Living The Frugal Life
I don't often confront the big issues of our times head on in my blog posts. Usually I tiptoe around them. Today I'm going to make an exception, in light of a recent article by the UK Guardian concerning the IEA, or International Energy Agency. The IEA is responsible for promulgating official statements about the world's remaining reserves of oil and other fossil fuels. Even if we take the IEA at their official word as of late last year, we are now facing a reduction of more than 9% in the global oil supply - annually. Given that industrial economies are reliant not merely on a steady supply of oil, but on a supply of oil that in living memory has only ever expanded in response to demand, this is bad news.
The kicker is the Guardian's report that two whistleblowers from within the IEA have now come forward to say that even a 9% reduction (or a mere 6% reduction if we "invest in more discovery,") significantly overstates the world's reserves of oil. The US government has leaned on the IEA to publish rosy forecasts for years, and a 9% decline was apparently all that passed muster. The bottom line is this: by far the majority of us have no way of knowing how much oil is really left, except that it is probably far less than we've been led to believe. Those who do know mostly aren't saying. Those with the industry background to make very well educated guesses are not giving out forecasts that square with those of the IEA.
My guess is that the readers here at the co-op have thought a bit about peak oil and its implications. Chances are that most of you have gotten past the panic and the paralysis of early peak oil awareness. This news may not be welcome to any of you, but I somehow doubt that it's paradigm shifting for too many of you either. So my question to all of you then is: what have you done to prepare yourself, your family, or your community for the changes that a dwindling oil supply will bring? What have you accomplished so far? What other things do you hope to accomplish in the very near term? What other changes would you like to tackle as time and money allow further down the line? Do you have a formal schedule of projects, or are you just working intuitively on what seems most urgent?
On our suburban 2/3 acre we put in about 2000 square feet (~186 square meters) of food garden. We planted several perennial plants including fruit trees, several types of berries, asparagus and grapes, none of which are productive yet. We added laying hens, and are doing as much as possible to increase the fertility of our garden soil. I learned the basics of canning, dehydrating, and lacto-fermenting foods. I've begun to learn a bit about medicinal herbs. We've made changes in our spending habits in order to pay off our mortgage debt as quickly as possible. Although these changes were made gradually, looking back from the perspective of a few years, they're pretty radical. We had an energy audit done on our home, added insulation and had the house air sealed. My husband built and installed a single rain barrel to catch runoff from our garage, and has plans for next year to chain several more of them together for more capacity.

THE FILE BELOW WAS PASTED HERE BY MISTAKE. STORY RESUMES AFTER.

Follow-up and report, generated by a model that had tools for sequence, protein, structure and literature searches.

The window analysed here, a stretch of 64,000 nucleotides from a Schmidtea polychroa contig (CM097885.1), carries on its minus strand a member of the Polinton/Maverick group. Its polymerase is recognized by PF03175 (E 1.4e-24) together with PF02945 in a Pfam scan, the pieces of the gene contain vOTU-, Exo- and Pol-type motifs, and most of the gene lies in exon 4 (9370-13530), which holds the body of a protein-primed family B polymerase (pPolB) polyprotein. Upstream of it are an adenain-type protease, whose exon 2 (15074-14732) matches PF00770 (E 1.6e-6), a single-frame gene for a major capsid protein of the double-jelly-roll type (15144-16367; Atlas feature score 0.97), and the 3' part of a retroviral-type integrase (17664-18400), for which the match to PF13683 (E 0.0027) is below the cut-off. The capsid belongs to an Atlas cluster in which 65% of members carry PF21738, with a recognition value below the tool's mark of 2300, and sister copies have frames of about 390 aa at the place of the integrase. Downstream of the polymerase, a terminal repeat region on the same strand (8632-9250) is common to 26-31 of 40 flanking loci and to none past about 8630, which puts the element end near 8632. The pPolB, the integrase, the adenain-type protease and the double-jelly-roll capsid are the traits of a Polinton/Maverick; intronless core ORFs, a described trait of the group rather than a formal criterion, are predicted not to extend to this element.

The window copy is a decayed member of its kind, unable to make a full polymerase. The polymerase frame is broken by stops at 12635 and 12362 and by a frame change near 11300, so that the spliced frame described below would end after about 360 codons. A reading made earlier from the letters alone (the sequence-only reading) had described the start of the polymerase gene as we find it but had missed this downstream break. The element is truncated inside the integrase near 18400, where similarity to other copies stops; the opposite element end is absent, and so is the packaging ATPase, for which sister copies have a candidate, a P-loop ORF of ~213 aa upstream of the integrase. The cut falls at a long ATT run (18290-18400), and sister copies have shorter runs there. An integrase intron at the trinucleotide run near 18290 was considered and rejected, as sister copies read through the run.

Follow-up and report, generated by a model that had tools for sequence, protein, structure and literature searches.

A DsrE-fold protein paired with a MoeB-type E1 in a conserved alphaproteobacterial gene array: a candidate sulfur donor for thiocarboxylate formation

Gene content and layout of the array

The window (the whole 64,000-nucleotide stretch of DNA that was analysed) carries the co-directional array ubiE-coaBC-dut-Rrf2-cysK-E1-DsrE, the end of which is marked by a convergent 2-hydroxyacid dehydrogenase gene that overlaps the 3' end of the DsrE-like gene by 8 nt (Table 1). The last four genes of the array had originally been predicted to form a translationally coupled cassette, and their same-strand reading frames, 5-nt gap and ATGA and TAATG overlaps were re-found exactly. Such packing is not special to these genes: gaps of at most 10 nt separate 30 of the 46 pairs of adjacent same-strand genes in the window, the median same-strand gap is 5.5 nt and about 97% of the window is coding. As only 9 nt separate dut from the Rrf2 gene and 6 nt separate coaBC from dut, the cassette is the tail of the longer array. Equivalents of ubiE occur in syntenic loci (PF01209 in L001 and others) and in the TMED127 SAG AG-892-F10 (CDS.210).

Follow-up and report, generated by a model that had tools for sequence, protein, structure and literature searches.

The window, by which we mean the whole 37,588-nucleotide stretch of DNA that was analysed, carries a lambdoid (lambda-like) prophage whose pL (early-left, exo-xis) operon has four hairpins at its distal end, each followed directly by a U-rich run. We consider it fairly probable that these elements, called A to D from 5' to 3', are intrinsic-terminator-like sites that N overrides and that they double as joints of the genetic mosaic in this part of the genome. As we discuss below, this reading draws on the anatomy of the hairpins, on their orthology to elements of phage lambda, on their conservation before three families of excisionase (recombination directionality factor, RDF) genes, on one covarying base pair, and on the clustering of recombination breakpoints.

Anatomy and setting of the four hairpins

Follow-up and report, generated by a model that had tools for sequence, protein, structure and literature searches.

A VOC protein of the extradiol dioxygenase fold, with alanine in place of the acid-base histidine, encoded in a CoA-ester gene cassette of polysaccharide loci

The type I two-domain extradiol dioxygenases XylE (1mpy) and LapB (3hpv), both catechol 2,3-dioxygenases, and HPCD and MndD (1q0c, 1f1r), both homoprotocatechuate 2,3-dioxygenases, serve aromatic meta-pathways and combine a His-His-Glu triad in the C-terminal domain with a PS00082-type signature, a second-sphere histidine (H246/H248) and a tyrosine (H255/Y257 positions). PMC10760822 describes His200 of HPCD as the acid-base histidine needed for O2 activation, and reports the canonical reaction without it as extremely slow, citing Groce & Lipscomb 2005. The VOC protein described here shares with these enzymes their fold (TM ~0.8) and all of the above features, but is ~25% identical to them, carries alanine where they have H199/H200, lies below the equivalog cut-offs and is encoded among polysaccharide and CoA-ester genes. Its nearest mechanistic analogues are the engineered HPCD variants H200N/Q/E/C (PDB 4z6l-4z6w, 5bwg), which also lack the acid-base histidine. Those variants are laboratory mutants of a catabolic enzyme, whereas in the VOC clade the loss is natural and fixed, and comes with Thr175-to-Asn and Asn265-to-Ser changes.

For the future, we're very seriously considering adding a passive solar thermal heating system for our home, which we heat steadily for about four months per year, with an additional two months of part-time heating. Moving forward with that system will depend on whether or not my husband remains employed after the new year. I also have plans to take a first aid course in January. We plan to add honeybees to our mini-homestead next year, and should be able to do so. In the spring I'm scheduled to teach a homesteading class for beginners. I have no idea whether anyone will enroll. Next year we'll start fig and citrus trees in containers so that we can pull them inside to protect them from the winters that would otherwise kill them in our zone.
As you can see, like most peak oil-aware people I've concentrated on and made the most progress in the area of food production. This is the low-hanging fruit among the host of problems that peak oil will create for us. Not easy, but the easiest among the bunch. Debt reduction has been a very high priority as well. After that, my efforts have been spread over the challenges of medicine, heating, water supply, and the state of my wider community. I've made much less progress in these areas, and haven't even begun to address an alternative source of electricity or transportation. All in all, a pretty average response among those taking peak oil seriously.
I'm not asking how you've begun to prepare for a post peak world in order to stir the pot, nor to goad anyone into action through guilt or fear. Least of all do I want anyone to panic. Panic is never helpful. I'm asking for purely selfish reasons. Because knowing what steps others are taking is heartening to me when I hear news this disturbing. Blogs like those of the writers and the readers of this co-op provide me with both concrete facts and techniques, as well as inspiration and a sense of camaraderie, however distant my comrades.
Please share your stories in the comments.